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Get lit with some LED knowledge!
You may recall a previous blog about lights (check it out here), but we were not done. Read on to find out some more information on LED lights and when and how to use them in just the right place.
When you think of LED lights, do you think bright cool white lights that might seem a bit blue in tone? We are here to help you think about the light at the end of the tunnel, a few options and why to choose LED (if you haven’t already).
So, what is LED you ask? LED = light emitting diode…which to break it down means it has an electrical current pass through a microchip, which then illuminates the tiny light sources we call LEDs and . . . wah lah, you have light!
Fun fact #1: to prevent performance issues in LEDs, the head that the LED bulb produces is absorbed into a heat sink (which is a heat exchanger that absorbs thermal energy generated by an LED module and dissipates the thermal energy into the surrounding ambient air). Where are all our science peeps at? Because of the way heat is redirected in LEDs they are simply safer.
Fun fact #2: LED is 90% more efficient than incandescent light bulbs. The lifespan of LED lights is determined by when it starts to dim by 30%. What that means is LEDs don’t show its end of its life with a flicker, flash and pop but more so with a dimmed light that slowly dims over time. LEDs can last 15 times longer and that means big savings!
So, when is it best to use LEDs in your home?
Think of the spaces where you have a lot of recessed cans or lights are up high. You likely will want to change those are little as you can and LEDs are the perfect solution. When it comes time to change the bulb you actually will be changing the whole fixture . . . you know, in like 30 or so years.
Dimmable spaces and fixtures – who doesn’t want to set the mood with some LEDs?
Under cabinet lighting – LED strip lighting is even and eliminates your counter hot spots, but requires a transformer so don’t forget to plan for the little box in your design.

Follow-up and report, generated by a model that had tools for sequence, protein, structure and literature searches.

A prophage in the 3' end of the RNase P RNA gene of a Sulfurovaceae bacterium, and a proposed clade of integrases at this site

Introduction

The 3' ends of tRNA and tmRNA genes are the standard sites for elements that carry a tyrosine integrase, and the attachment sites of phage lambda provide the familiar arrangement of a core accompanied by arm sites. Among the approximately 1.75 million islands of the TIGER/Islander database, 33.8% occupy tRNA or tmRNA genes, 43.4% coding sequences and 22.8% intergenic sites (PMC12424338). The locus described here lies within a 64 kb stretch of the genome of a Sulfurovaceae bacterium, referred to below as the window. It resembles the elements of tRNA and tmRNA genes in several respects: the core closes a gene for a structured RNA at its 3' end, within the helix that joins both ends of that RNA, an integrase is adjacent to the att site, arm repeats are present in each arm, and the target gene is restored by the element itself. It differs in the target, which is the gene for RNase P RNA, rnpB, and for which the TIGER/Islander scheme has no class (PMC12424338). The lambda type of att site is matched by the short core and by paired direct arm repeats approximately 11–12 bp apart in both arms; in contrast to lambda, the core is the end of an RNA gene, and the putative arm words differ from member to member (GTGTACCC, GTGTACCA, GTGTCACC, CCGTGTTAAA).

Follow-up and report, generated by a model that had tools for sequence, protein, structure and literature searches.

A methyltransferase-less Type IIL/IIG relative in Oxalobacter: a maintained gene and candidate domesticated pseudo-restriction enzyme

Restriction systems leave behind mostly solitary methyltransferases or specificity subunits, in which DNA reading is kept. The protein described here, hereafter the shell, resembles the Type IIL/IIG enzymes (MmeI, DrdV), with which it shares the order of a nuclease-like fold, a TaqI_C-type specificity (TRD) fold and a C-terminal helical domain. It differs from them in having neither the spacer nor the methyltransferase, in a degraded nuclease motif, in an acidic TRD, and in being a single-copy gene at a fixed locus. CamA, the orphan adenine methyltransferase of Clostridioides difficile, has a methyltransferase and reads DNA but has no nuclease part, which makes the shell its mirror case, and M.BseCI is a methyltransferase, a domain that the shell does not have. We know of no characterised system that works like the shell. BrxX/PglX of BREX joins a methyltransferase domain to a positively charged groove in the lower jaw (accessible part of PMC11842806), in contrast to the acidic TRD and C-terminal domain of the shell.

In just the bulb! Did you know you can get old fashioned “Edison bulbs” in LED, so you don’t have to compromise on the look.
Christmas lights… we would be silly not to mention this as we come up on the Christmas season.
Before jumping in the car to go invest a small savings on LEDs, we have a few important things to think about and research on in your own home.
1-Know they will cost more, but the payoff is worth it and they cost less than you think! Energy Star states for a 9W Energy Star certified LED bulb with 800 lumens it only cost $1.26 per YEAR! Check to see how many you need and can you start small and work up to the big changes. Start with the areas you can do yourself like lamps and save the bigger jobs like recessed can lights for the electrician.
2- Check the Kelvin as they range from your incandescent “yellows” 2700K up to your clear bright blues 7000k. The middle ground of 3000k-3500k is the perfect blend between the two.
3- Brightness is measured in lumens, not watts. Lumens indicate light output. Watts indicated energy used. This little chart from Energy Star is handy when converting from standard bulbs to LED and knowing what lumens you will be looking for on the box.
4- LEDs contain no mercury and are at least 95% recyclable! Go give mother earth a high five!
5- They can have some downfalls too like flickering, typically due to power supply issues, being loose, low quality LED or improper dimmer set up to name a few. They can also buzz, which indicates that you have a overload on the circuit. They also can feel not as bright which could be a loose wire, improper power supply, and or aging. Glare can be another issue, but simply adjusting the light beam more directional is a easy fix. While all of these are not common if properly installed, they are good to know and keep in your back pocket.
Fun facts #3: An incandescent lamp converts about 9-10 percent of the energy fed to it into light, whereas LEDs convert nearly 100 percent of the energy they consume as light.
Did you know?
Did you know that LED was invented by Nick Holonyak Jr. in 1963 while he was working for General Electric. If a LED light bulb was left on and never turned off, it would have a 3-year life span. The Times Square ball is made up of 32,256 individual LED lights – whoa baby! Shortly after reading this blog, we will be bringing in the New Year and looking at things in a different light!
Cheers to LEDs!